Degradation products may bite is the fifth lesson. This is another lesson that seems should have been learned from the study of other chemicals. An example of the importance of this concept in the study of endocrine disruptors is that steroidal estrogens enter the sewer mainly inactive, until they biodegrade, then they “bite”.
Lesson seven states “beware of nontraditional pollutants from unexpected sources.” It is pointed out that natural organic molecules that may not normally be harmful may be so if introduced to an organism at the wrong time or in the wrong concentration. Perhaps another non-traditional aspect of endocrine disruptor research is stated in lesson nine, which states that “acute toxicity tests may not be very helpful”. This is because acute effects may be delayed in some fish. It is stated that regulatory agencies are developing new testing procedures to account for this fact.
Lesson nine, “central role played by sewage treatment” is in no way surprising, as dealing with human waste has always been a health issue and with increasing waste, and types of contaminants I see no reason why this would change. Lesson ten, at least in part, can be thought about when considering lesson nine. This is because the predicted environmental concentration (PEC) is strongly related to the amount of sewage to be dealt with. The lesson is that “hydrology will tell you where to look.” This is primarily because flow is a big factor in concentration, and as pointed out previously concentration is a big factor in how endocrine disruptors may affect the environment in general.
The Best Approach
The article ends with suggestions on the direction of future endocrine disruptor research. They state there are two possible approaches. One is “compound specific environmental risk assessment.” This is an approach, which compiles all the information about individual endocrine disruptors and uses this information to predict potential effects on wildlife. The contaminants are then regulated based on this data. The other approach is “issue-specific environmental risk assessment.” In this approach, hydrology would be used to find areas likely to have the highest concentrations of endocrine disuptors. The biota of these sites would then be studied and if needed, traditional approaches could be used to attempt to find causal relationships.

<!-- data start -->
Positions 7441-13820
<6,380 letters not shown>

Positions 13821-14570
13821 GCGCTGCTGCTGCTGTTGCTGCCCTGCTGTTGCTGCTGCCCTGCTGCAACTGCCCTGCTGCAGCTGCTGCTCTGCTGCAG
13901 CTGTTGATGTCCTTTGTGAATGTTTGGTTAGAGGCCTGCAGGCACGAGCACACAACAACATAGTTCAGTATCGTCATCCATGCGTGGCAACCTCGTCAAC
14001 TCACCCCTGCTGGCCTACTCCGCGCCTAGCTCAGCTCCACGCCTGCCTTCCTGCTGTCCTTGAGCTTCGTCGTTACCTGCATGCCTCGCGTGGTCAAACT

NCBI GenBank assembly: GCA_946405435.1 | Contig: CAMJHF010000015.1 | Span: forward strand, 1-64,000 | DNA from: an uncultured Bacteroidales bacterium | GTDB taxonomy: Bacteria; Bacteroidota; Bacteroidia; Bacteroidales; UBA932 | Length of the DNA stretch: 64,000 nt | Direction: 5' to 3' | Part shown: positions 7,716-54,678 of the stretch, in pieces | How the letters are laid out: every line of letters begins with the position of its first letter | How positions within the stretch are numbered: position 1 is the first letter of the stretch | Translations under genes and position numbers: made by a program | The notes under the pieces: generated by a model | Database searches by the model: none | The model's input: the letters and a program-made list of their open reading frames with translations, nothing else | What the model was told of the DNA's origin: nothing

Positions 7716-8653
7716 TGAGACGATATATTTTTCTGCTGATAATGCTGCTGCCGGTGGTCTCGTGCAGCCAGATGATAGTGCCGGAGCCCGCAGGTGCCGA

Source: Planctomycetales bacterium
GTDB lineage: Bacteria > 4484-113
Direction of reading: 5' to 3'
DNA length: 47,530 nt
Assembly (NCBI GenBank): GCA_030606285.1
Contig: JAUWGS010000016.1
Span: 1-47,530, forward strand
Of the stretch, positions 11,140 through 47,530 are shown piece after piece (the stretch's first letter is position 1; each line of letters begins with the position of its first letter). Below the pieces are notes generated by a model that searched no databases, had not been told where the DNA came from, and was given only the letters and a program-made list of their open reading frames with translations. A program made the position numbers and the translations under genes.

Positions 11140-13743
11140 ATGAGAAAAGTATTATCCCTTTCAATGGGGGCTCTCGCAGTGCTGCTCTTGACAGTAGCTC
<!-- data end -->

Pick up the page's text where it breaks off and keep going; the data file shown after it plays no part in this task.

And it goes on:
Considering the two approaches, my opinion is that the second may prove more useful on these specific types of pollutants. This is because it seems more conducive to regulating these chemicals, as the approach would generate data from specific, problematic areas. Having said this, in the end, given sufficient resources the compound-specific approach to potential contaminants is the best route, as it could prevent large amounts of contaminants from entering the environment to begin with. In order to place most of our eggs in this more precautionary basket we must first change the way chemicals are introduced to the market. The only real way to do this is by taking back our Congress from the corporations and sufficiently funding our environmental regulatory agencies.
“Lessons from Endocrine Disruption and Their Application to Other Issues Concerning Trace Organics in the Aquatic Environment”